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Handicrafts for boys?

Esse Quam Videri

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Ds7 has a natural ability to construct 3-dimension objects out of paper. We've encouraged it with books on origami, kirigami (where you cut the paper in addition to folding it), and a variety of similar books for making everything from paper airplanes to star wars characters. He has gotten pretty good at constructing things. We've been a little stumped on where to go from here. We've been thinking maybe models or something similar. He loves building things out of legos or k'nex, so building models seems like the natural next step. I have a hard time picturing him doing any tradition woodcrafting or such, because dh doesn't do anything like that or own any tools. That sort of stuff just isn't common anymore (or at least not in our community). I'm finding that we lack the skills ourselves, so he's having to muddle forward on his own.

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We keep a craft closet with wood, pipecleaners, felt, paper, etc. We have bins full of random wood shapes, clothespins, wheels, etc. My boys have built entire play sets out of these things with the help of glue, felt, pipecleaners, etc.


I taught them to sew with felt. They traced a drawing on two pieces of felt, cut it out, sewed it together and stuffed it to make their own personalized animals.


We did spool knitting last year. They each made super long snakes and knit jump ropes.


Nature crafts like carton bird feeders and pine cone crafts have gone over very well.


We picked up a hand drill (nonpower drill) at a garage sale one year. The drill, a lightweight hammer, screws and nails were used constantly to build simple airplanes and such.


My method of teaching crafts is to do a simple project to show them a technique, then give them some free time with the craft closet. They come up with much better things than I would once they know the basic techniques!

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Handicraft type of activities our DSs really enjoyed in the elementary years:



On Their Own:

- Made bows and arrows out of tree limbs and string

- Made "pots" from mud/clay in the yard

- Made towns and roads from wet sand, for their Hot Wheets cars, and used cups and other recyclables for buildings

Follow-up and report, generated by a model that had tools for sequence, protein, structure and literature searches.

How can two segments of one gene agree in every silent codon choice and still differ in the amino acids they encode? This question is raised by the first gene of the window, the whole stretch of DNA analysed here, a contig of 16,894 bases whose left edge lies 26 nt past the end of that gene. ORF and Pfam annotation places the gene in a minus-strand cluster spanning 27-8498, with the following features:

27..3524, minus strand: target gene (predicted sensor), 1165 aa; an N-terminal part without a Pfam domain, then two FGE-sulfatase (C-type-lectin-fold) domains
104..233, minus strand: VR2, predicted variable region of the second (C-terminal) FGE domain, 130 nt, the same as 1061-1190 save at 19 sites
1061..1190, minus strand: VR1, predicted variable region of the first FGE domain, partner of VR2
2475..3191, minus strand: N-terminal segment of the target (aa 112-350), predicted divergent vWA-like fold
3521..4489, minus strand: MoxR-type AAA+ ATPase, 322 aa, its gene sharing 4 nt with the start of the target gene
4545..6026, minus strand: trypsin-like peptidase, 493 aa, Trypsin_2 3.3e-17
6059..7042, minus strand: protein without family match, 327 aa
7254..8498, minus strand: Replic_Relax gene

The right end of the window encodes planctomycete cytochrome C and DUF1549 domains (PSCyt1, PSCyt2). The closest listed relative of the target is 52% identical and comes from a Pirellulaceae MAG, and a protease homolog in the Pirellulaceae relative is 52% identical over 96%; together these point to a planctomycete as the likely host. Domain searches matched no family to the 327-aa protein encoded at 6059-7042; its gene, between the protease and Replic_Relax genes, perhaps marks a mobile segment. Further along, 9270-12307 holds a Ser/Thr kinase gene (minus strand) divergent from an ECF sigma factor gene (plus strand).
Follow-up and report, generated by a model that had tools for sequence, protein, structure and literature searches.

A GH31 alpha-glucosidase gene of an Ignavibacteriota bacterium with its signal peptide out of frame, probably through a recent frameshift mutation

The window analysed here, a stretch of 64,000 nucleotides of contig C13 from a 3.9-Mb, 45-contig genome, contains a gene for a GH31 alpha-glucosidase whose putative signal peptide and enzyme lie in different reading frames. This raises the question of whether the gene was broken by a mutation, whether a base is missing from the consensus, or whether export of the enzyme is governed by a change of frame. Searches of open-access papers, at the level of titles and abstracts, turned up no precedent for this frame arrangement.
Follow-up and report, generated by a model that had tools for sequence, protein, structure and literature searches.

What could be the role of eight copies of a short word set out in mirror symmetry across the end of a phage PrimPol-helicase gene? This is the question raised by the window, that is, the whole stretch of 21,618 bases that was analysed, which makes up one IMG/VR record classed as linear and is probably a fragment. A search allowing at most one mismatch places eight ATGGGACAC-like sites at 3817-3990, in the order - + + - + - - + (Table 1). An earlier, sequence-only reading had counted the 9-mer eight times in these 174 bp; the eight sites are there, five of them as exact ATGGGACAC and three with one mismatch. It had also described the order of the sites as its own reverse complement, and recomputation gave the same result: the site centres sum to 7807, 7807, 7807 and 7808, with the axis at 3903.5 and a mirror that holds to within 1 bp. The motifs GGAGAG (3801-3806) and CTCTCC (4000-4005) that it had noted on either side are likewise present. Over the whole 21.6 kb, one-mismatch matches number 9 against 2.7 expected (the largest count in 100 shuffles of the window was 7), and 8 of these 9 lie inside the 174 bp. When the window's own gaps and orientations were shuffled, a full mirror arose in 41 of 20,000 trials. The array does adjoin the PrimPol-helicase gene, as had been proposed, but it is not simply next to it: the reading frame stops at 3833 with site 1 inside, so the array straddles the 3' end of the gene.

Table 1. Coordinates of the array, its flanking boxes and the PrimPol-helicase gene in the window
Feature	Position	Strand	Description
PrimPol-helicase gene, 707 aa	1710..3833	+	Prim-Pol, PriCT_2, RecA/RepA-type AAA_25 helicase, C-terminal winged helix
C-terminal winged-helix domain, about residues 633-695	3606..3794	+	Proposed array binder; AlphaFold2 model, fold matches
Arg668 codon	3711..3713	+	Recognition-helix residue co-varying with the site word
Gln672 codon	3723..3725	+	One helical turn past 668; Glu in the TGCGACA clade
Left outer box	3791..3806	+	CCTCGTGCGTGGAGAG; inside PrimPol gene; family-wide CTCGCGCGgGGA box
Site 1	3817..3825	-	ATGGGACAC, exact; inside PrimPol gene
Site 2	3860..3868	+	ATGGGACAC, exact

- Whittling -- starting about age 6, we gave them each a Swiss army knife; they only each cut themselves once, and then you know to be careful



- cooking -- minor supervision

They LOVED this Star Wars cookbook

(but just in general, they enjoyed kneading bread; making/decorating cookies; learning how to cut up veggies with a knife; etc.)


- Thingmaker -- SOLO

We had DH's old "hot plate" version -- you can find them on ebay; if you have safety concerns, can get the newer version


- Shrinky Dinks -- minor supervision

(this Monster kit version looks cool for boys!)


- Beeswax Candle kit -- minor supervision

(Great Christmas gifts to give Grandma, friends, or relatives)


- Suncatcher kit - minor supervision

(We did one that was a set of Christmas tree ornaments)


- Pony bead critters - minor supervision


- Glass etching kit - careful supervision

(More great gifts for grandma!)


- woodworking - SOLO to careful supervision

Home Depot used to offer a once-a-month Saturday morning kid's clinic, and our DSs would make some sort of woodworking project; what about doing it as DIY at home? Free project plans here; or a book here.


- Sculpty clay - virtually no supervision

(one year we made "plant pals" -- Sculpty clay creatures, which we designed to hang on the edge of a flower pot, baked them, and then painted them, and were given as gifts to grandma, aunts, friends, etc.)

(another year we used the Sculpty eraser clay and they made fun creatures, faces, etc. that fit on the end of a pencil as an eraser, which they gave as gifts to friends)


- origami - virtually no supervision

(free projects for kids here and here)


- Paint by Number kit-- SOLO

They also have poster kits with markers


- made wallets with a simple leather kit

(here's a cool one with stamping AND making projects)


- demolition and home remodeling

(DSs helped pound up the old tile with hammers while wearing safety goggles; also sanding, simple nailing and other odd jobs)


- Legos -- SOLO

and, of course, the king of handicrafts -- designing their own LEGO creations!


- this Star Wars craft book looks fun